Carbon Comp vs. Metal Film Resistors in Boutique Fuzz Clone -Sound Differences??

Discussion in 'Effects, Pedals, Strings & Things' started by dewman, Feb 7, 2006.


  1. dewman

    dewman Gold Supporting Member

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    Hey everyone, I have a boutique fuzz clone (built by yours truly around a FuzzFace general circuit) that has nice matched NOS germanium transistors and is a great fuzz but sounds like it has a bit of extra high end and some buzziness. Would swapping out the metal film resistors for carbon comp resistors smooth the sound out? I know I am sacrificing increasing noise, but that's ok by me if it sweetens the tone up a bit. Thanks for your help...
     
  2. Skreddy

    Skreddy Member

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    You ASSUME that carbon comp resistors will add noise. But you're asking if they might smooth things out. Considering that most of the noise is being created by the transistors (and amplified by them from the input cable and the hookup wires, etc., depending on how you have things set up), I am confident that any "smoothing" effect of carbon comp resistors would overwhelmingly offset any potential thermal noise they may impart to the circuit (which I doubt you would ever be able to even hear under any circumstances).

    The net result of switching from metal film resistors to carbon comp resistors would likely be LESS noise, not more (assuming there is any audible difference).

    The type of caps you use will have more influence over the tone than the resistors; and different types impart some of their signature tones. E.g., aluminum electrolytics will give it some extra lo-fi grunginess (assuming a low bias voltage, so they're not running in their linear range). Mylar will tend to sound harsher and spikier. Ceramic will be more lo-fi and gritty. Etc. Metalized poly films tend to be the most "transparent" sounding capacitors, IMO.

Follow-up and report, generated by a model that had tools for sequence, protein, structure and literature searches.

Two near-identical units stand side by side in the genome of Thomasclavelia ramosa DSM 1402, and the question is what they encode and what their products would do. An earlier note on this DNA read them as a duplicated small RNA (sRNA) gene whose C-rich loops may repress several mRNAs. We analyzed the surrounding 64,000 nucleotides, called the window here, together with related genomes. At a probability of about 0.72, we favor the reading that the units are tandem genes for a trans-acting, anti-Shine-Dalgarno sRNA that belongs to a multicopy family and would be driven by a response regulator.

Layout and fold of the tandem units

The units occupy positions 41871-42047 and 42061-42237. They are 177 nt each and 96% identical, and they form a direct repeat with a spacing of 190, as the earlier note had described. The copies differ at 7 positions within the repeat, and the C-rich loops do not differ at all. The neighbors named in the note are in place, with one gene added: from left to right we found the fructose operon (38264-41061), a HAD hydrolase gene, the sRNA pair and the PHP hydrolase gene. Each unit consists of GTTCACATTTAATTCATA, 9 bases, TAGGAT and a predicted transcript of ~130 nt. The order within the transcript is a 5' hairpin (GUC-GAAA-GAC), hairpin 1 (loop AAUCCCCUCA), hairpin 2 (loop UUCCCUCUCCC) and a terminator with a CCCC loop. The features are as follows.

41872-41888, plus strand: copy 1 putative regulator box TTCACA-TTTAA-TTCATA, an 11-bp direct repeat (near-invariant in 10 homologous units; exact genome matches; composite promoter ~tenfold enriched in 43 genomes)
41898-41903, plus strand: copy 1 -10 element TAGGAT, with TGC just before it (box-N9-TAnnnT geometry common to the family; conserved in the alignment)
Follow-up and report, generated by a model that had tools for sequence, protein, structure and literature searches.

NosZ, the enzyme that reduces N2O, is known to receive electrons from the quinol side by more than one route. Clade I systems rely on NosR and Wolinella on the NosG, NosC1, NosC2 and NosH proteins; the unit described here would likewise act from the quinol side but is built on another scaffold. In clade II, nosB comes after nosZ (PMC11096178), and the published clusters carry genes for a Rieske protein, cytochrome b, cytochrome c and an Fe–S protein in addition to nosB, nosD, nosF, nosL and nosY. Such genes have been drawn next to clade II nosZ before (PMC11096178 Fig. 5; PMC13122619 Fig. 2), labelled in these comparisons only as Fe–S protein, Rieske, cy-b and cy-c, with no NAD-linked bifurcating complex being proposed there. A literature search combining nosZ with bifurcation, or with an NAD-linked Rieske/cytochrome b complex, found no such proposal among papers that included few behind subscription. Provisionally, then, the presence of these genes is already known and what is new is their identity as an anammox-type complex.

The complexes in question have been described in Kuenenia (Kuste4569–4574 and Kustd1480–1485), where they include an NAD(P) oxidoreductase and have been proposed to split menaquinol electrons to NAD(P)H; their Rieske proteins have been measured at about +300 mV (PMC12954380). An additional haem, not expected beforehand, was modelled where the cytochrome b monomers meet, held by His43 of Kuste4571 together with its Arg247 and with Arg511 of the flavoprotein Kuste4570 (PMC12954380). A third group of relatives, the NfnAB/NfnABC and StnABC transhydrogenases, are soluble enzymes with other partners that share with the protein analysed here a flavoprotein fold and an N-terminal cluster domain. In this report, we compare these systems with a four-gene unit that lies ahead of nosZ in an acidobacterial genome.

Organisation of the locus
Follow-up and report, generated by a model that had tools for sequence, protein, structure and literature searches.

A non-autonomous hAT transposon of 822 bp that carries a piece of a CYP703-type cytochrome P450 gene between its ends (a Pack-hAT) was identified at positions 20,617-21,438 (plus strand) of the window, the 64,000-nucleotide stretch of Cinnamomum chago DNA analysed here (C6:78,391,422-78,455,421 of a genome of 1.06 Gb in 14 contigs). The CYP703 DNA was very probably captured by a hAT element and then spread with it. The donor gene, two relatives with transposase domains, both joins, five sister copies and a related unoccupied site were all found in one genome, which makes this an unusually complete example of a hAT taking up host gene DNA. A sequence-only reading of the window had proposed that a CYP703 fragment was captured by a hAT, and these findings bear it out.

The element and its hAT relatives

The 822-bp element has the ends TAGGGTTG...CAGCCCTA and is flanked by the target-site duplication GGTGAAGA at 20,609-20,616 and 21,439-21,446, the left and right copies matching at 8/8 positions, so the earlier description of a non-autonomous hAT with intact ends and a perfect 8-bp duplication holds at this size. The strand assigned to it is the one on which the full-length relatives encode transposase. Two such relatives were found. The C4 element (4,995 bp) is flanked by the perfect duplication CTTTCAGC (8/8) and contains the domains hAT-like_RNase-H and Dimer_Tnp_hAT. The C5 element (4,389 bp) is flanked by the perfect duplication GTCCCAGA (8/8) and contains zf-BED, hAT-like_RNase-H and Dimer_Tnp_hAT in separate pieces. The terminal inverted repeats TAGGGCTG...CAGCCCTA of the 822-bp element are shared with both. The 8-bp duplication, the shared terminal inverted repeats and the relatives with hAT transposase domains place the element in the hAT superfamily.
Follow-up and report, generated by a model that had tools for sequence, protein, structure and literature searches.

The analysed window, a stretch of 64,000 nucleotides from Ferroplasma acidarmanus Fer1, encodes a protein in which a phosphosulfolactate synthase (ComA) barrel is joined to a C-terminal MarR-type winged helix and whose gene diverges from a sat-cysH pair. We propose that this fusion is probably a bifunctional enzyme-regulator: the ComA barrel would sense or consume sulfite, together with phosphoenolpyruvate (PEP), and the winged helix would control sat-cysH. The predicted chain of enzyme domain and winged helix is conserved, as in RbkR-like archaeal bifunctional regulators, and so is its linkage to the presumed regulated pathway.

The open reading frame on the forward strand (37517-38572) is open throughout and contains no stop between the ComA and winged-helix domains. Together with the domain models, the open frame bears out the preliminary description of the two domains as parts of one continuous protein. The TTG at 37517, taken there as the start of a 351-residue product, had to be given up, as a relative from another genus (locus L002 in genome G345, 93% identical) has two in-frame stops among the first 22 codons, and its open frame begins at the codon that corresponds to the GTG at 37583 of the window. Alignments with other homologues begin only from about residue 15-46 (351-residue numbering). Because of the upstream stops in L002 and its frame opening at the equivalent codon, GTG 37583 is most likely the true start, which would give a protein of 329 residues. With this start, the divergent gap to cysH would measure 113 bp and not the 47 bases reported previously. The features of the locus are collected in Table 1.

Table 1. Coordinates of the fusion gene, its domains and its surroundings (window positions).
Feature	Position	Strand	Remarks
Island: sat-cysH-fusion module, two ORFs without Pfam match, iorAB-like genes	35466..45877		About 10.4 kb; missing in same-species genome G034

3. dewman

    dewman Gold Supporting Member

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    Ok- so I'll re-ask this question and try to be a little more clear. I want to smoothen the tone of a fuzz face clone. Will swapping CC resistors make a big difference in smoothing tone? Second, are there audible increase in hiss levels when replacing CC resistors for metal film resistors as is the case in tube amp circuits and rangemaster clones. Third, if caps are more important in shaping overall fuzz face tone, are there any type and brands that you have personally A/Bed that would lead to smoothing the fuzz tone, lessening buzziness, taming the real high end and warming the fuzz up a bit. Lastly, maybe cap values are important as well, but I elected not to initially play with these instead as biasing the two Ge transistors is an integral component of getting a good fuzz face tone and I only wanted to go there as a last resort. My circuit is loosely based on a fuzz face, so any reference to that circuit and cap/resistor changes would likely work for my build.
     
  4. Skreddy

    Skreddy Member